Uncertainty, as a matter of fact, is the fundamental condition of strategy, just as agility is its mode of operation (Eve Blau, City as Open Work, selected from the introduction to “Project Zagreb” in “Insidious Urbanism”, Tarp Magazine, Pratt Institute, NYC, 2011). Eve Blau defines strategy as the act of plotting a course of action that anticipates a range of possible countermoves. We also retain from “Project Zagreb” that the condition of transition, which is a factor in most of the Europan 12 sites under discussion, is capable of engendering new forms of architecture. Therefore, even in the most financially thriving conditions, in places under urban pressure like Wien-Kagran (AT), we should look to the E12 winning projects for these new forms of architecture that manage uncertainty.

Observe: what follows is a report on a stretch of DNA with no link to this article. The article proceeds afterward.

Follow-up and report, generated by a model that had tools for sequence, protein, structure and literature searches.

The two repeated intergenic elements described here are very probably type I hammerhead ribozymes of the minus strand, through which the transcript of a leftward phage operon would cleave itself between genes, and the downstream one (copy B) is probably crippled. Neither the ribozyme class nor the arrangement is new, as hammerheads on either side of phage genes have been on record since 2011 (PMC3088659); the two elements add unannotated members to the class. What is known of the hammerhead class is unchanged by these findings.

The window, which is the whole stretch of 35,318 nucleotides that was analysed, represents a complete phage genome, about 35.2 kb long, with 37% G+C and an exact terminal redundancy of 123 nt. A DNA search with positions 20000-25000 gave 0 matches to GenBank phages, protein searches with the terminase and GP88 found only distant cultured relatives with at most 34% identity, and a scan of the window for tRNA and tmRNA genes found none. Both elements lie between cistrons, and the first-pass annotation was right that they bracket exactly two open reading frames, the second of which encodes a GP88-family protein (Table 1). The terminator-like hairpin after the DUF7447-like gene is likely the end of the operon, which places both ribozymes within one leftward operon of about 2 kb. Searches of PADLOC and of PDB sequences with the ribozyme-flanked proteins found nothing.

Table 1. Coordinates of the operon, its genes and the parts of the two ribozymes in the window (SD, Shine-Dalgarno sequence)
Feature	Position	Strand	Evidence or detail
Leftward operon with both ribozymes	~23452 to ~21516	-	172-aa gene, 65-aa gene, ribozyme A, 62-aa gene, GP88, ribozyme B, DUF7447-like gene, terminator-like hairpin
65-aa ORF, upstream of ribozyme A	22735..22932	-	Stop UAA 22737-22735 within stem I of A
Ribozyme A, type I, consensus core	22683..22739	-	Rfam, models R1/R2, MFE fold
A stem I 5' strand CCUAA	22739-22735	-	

We find in Europan a large number of innovative projects that are about such new forms of architecture, which seek to move away from the certainty and linearity of master planning towards an architecture that engages with the city in transition. In most Europan sessions, the entrants have expressed the inability of master planning to address complex and uncertain urban issues. For example, in Europan 12, the runner-up team in Donauwörth (DE), Multiple city, claims that “an integral and open planning culture cannot be defined in a simple master plan…”, while the winning team in Vila Viçosa (PT), Between landscapes, criticizes the inherited urban plan for not addressing issues of urgency but instead starting from the end, on the basis of a geometric abstraction. The runner-up team in Rouen (FR), On the move, mentions that “The existing practices of master planning are rooted in rigid and static methodologies which make it very difficult for citizens, [for] architecture and therefore for the whole structure to adapt…”